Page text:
An Arabber, left, hands out free chicken and bread for West Baltimore residents in a horse-drawn cart, Wednesday, April 29, 2020. The 2,000 pounds of frozen chicken, which was donated to the University of Maryland, Baltimore from Holly Poultry, was delivered to residents by the Arabbers, street vendors who sell fruits and vegetables from colorful horse-drawn carts. The university estimated the donation will reach about 900 families as they help battle food concerns during the new coronavirus outbreak. (AP Photo/Julio Cortez)
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BALTIMORE (AP) — Several pounds of free frozen chicken were delivered Wednesday to residents of Baltimore’s west side by street vendors who normally sell produce from horse-drawn carts.

Baltimore-based distributor Holly Poultry donated 2,000 pounds of chicken to the University of Maryland, Baltimore’s Community Engagement Center to assist residents for whom it may be difficult to go to a grocery store amid the coronavirus pandemic. The center partnered with the Southwest Baltimore’s Arabber Preservation Society to deliver the chicken door to door.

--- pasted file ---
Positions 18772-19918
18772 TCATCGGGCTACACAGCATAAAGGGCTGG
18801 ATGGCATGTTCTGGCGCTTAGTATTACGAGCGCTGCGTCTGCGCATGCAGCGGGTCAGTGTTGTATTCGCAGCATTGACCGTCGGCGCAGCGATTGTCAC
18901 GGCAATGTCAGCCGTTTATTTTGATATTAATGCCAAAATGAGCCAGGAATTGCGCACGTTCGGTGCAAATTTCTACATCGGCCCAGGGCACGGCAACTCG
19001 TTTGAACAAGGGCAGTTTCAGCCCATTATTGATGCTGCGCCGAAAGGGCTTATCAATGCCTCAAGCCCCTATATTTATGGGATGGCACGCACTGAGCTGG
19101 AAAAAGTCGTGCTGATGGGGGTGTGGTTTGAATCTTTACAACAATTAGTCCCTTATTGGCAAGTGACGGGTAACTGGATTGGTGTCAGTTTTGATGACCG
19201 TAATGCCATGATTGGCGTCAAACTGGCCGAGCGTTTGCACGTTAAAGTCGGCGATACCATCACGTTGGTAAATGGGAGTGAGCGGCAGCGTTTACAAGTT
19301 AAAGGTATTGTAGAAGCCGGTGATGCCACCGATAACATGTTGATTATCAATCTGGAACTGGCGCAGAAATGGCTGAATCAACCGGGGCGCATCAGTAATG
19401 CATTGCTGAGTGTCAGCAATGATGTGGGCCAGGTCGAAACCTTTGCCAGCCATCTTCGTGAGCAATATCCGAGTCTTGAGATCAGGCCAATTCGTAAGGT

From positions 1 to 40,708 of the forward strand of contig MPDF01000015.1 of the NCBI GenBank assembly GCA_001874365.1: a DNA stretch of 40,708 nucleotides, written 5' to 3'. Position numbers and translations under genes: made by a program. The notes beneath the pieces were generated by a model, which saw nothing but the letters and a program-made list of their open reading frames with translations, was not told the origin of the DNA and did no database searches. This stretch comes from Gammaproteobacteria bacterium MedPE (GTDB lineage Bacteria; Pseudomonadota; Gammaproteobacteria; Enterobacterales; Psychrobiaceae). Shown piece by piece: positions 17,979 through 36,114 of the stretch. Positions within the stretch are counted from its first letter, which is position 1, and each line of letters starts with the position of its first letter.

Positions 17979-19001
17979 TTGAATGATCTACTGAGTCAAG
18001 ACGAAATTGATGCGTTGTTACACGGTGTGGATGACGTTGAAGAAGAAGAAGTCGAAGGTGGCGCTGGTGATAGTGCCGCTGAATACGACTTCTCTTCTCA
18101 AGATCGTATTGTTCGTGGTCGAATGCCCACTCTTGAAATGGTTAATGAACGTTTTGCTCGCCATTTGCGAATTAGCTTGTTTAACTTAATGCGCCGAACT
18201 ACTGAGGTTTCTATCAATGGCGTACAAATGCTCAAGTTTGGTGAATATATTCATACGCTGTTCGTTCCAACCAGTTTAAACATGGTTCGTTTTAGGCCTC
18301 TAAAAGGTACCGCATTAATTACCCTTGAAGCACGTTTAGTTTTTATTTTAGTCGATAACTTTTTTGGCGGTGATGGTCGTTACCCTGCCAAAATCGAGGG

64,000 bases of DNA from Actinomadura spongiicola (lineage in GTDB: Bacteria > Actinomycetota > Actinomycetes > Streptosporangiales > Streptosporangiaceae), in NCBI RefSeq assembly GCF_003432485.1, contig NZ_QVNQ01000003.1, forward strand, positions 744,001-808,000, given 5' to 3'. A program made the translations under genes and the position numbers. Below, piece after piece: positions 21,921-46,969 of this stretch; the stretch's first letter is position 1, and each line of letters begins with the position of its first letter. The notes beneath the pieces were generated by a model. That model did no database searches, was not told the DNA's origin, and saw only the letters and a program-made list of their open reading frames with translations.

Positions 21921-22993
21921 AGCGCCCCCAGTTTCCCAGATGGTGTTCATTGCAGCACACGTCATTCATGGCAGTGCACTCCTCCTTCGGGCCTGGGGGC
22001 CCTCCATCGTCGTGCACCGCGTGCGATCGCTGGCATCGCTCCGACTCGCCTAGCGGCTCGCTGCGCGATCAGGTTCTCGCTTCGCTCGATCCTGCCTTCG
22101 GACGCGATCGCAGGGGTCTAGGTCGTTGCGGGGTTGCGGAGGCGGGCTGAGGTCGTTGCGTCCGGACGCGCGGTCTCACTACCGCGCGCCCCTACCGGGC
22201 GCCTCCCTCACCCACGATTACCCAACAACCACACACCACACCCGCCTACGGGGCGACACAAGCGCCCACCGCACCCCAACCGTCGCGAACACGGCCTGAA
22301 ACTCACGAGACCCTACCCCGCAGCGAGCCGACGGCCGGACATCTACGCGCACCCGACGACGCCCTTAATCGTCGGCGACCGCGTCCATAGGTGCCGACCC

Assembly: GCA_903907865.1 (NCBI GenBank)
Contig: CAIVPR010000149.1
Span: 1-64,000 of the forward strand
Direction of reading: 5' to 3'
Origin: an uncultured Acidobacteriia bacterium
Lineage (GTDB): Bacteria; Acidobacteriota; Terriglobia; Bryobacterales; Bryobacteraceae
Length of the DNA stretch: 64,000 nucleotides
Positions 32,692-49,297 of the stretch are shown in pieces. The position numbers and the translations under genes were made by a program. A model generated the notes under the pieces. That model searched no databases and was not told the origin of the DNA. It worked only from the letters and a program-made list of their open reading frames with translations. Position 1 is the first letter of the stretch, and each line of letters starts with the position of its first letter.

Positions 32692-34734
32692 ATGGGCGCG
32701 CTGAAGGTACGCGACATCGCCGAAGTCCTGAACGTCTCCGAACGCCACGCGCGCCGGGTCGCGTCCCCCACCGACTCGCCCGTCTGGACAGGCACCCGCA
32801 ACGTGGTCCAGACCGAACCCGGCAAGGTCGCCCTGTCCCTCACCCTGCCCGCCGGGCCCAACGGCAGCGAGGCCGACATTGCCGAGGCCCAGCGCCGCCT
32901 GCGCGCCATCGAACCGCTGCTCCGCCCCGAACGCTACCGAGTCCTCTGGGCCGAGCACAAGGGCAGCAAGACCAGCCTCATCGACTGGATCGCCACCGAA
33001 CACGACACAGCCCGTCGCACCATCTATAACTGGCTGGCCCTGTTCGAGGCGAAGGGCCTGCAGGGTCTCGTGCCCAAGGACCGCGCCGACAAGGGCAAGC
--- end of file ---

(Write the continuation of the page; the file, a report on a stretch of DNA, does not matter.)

Arabber Anthony Savoy wore blue disposable gloves and a face mask as he pulled his horse-drawn cart along streets in West Baltimore. Much like his yell when selling fruits and vegetables, Savoy’s yell cried “free chicken.”

Residents at one intersection ran up to a cart and lined up while another Arabber handed out a bag of frozen chicken and a bag of hot dog buns to each person. He turned away a woman who was not wearing a mask or gloves and told the crowd everyone needed to be protected. The woman returned and chased the cart while putting on her gloves and mask before receiving the food.

The university estimates the distributor’s donation will help 900 families.